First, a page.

Why it’s hot: This seeming futuristic solution to physical constraints in working environments can provide ergonomic support to prevent occupational health and safety issues. The adjustable and adaptable nature of the exoskeleton allows for different shapes and sizes. As more and more jobs are being automated, there are still tasks that are more efficient to be completed by people and ways to support those workers with available technology. The advancement in 3d printing technology and exoskeletons open a lot of possibilities for the future of manufacturing.
As discussed in a previous hotsauce, Google released “Quick, Draw” this past November, which prompts users to draw an object in 20 seconds. This game data is then used to teach algorithms how humans draw. There have been over 50 million drawing collected to date.
The data has been synthesized, specifically basic shapes, and which way people from different countries draw them. “Americans tend to draw circles counterclockwise. Of nearly 50,000 circles drawn in the US, 86% were drawn this way. People in Japan, on the other hand, tend to draw circles in the opposite direction. Of 800 circles drawn in Japan, 80% went clockwise.”
The researchers’ theory is that different writing systems influence which direction we draw circles. Here are some examples of Japanese and Arabic characters and the directions they are drawn.
Why It’s Hot: While this study does not reveal any huge life-changing new discoveries, it provides a dataset that supports more detail about the ways in which our culture subconsciously impacts how we do things. At a time when more and more things are on touch screens and keyboards, we still carry earlier cultural impacts in how we interact with interfaces. Knowing this information can further help designers better understand interactions that will come naturally to users from different cultures.
With the advent of home delivery meal kits like Blue Apron and the recent sale of Whole Foods to Amazon, there has been much talk about food delivery. While these companies target Americans who can afford healthy and interesting meal combinations, there are about 13% of Americans who are unsure of where their next meal with come from. The non-profit, Feeding Children Everywhere, has created a simplified version of the pre-portioned meal kit which they are calling Fed40. Users can sign up on the Fed40 app or website for 40 shelf stable meals within one business day. They must provide their address and how many family members live in their residence. The best part is that it’s free!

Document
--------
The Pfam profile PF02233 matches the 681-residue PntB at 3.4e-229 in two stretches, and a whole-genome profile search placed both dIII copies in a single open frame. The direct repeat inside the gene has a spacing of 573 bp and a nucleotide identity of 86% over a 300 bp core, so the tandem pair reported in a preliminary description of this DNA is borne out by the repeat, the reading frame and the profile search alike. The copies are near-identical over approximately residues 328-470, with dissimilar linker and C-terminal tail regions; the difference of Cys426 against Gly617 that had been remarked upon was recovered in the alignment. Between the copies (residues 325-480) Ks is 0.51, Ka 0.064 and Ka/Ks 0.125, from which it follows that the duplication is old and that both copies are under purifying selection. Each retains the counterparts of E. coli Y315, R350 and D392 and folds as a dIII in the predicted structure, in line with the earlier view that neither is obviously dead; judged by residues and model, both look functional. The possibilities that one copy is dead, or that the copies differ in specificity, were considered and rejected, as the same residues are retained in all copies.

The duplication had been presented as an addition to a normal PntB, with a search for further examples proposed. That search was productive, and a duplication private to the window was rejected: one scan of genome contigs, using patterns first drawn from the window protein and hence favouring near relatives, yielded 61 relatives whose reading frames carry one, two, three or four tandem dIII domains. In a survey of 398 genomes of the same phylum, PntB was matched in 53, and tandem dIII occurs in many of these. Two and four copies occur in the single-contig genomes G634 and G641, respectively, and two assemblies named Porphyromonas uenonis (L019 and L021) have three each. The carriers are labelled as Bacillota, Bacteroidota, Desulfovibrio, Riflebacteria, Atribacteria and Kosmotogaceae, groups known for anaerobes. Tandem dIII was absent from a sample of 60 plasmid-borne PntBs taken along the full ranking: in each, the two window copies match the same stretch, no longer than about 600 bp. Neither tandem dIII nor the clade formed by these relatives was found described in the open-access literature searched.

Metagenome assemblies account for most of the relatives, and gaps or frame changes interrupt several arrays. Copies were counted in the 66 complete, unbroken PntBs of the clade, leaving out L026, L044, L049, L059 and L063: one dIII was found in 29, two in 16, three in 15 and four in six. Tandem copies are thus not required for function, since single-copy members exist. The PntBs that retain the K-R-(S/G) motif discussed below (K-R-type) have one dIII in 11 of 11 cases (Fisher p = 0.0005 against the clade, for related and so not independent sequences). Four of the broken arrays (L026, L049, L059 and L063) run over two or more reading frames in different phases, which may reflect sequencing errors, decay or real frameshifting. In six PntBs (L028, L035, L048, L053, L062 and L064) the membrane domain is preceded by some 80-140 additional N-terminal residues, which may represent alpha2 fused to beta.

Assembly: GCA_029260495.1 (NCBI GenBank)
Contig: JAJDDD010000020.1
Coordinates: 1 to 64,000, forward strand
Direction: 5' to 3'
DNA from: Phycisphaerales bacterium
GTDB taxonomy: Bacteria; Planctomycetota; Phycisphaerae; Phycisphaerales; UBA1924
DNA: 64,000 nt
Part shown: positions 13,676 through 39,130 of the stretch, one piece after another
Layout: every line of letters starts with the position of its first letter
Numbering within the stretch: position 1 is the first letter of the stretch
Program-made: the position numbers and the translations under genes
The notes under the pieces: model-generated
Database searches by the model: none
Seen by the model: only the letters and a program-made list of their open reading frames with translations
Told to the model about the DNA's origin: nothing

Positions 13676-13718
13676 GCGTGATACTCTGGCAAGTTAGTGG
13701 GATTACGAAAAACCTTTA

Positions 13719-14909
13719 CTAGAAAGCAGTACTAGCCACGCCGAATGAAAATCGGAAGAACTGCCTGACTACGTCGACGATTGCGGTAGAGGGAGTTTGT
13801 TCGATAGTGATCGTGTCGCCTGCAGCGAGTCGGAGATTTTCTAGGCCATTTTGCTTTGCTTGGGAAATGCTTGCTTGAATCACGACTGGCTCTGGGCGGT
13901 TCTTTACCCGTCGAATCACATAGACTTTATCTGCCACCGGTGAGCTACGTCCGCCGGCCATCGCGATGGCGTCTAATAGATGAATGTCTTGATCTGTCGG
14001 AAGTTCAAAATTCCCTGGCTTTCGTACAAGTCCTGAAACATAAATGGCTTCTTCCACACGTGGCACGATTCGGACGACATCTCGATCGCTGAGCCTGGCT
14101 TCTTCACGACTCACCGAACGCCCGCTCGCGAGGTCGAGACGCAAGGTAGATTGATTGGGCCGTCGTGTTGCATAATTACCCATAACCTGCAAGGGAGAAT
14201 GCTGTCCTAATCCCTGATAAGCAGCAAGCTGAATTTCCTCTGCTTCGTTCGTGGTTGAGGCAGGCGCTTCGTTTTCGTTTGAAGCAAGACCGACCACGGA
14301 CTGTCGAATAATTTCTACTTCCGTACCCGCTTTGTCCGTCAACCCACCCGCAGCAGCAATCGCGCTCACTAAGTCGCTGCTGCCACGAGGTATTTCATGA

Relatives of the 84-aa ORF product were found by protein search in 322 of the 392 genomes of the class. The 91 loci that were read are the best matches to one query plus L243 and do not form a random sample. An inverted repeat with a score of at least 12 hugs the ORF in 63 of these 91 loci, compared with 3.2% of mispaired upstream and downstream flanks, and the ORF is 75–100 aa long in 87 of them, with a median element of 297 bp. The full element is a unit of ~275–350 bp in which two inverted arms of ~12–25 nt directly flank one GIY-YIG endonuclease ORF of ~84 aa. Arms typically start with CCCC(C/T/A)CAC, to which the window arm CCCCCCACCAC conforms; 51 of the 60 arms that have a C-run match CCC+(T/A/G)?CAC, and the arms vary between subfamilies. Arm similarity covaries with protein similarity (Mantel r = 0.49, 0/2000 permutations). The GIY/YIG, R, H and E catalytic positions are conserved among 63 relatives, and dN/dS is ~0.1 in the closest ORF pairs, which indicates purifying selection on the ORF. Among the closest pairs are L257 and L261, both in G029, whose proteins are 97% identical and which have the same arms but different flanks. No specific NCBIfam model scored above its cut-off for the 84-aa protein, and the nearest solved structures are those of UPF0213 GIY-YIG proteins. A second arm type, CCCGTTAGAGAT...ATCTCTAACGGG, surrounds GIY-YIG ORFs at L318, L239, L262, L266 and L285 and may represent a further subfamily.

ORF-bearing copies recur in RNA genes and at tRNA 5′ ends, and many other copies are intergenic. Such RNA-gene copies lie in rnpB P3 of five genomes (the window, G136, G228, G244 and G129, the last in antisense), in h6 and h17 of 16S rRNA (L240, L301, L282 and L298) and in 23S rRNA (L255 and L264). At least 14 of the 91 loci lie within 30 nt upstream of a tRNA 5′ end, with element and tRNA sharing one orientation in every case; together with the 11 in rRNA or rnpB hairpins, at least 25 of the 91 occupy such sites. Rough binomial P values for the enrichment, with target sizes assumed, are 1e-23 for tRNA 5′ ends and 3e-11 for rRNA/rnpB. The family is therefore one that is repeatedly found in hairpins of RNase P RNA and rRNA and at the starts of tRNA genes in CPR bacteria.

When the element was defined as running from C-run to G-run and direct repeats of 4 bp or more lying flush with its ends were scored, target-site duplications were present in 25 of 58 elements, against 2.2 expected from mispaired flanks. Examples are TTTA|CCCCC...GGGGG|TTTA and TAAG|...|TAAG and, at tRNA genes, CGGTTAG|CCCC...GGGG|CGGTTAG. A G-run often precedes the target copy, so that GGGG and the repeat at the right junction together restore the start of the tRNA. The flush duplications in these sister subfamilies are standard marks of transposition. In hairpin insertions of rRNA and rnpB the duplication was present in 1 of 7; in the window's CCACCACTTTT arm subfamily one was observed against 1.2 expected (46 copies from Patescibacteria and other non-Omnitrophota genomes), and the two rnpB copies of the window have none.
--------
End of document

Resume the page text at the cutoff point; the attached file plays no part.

They are currently offer one meal, Red Lentil Jambalaya. This meal can be shipped without an ice pack, which saves on shipping costs and can easily be adjusted at home to include additional spices or ingredients.
Feeding Children Everywhere thinks of this solution as a stop gap, and wants to encourage participants to take advantage of their local federal and state support programs. If participants sign up 4 or more times for this program they will be contacted to ensure they are aware of all the other support services in the area.
Why it’s hot: Feeding Children Everywhere has taken a home delivery meal kit craze and turned it into something that can serve the sizable population of people who are lacking resources in this country. While the program aims to address this problem, the organization also acknowledges that there is still more than needs to be done to support these families. Therefore they can also act as a hub where participants can learn about the other support programs in their area. However, there still seem to be some issues that go unaddressed. It would be interesting to conduct user research to gather insights about how people would use this service, how it improves their experience and what pain points are still unaddressed.
While spray-on tans have been around for years, spray-on skin seems to be on the horizon. RenovaCare has developed a “Cell Mist” that sprays stem cells onto burn wounds. This process is more effective in regrowing skin that functions as the original skin did and is much less painful and faster.
Why it’s hot:
It’s less painful, faster and more efficient than skin grafting. Overall a great development for burn victims.
We tend to focus on tech gadgets made of metal and microchips, but this example reiterates what advancements in medical tech can do.
It’s interesting that they chose a spray gun to dispense the stem cells. I wonder what the design process looked like and what other options they considered. What other types of designs will we see and this type of technology evolves?
“Tech Will Save Us”, a UK based company making kits that spark the creative imagination of young people using hands on technology. They recently started a Kickstarter for 3 sets of interactive toys that allow kids to bring Play-Doh to life with light, sound, and movement.There is an accompanying tablet app that features stories and projects kids can engage with.
Why It’s Hot:
Other than the fact that it is awesome for kids to learn STEM principles at an early age, this technology incorporates hands-on play. It let’s kids be kids and experiment while providing cool features that opens possibilities for their creations.
The design of the kit is minimal and the user interface of both the toy and app seems simple and clear.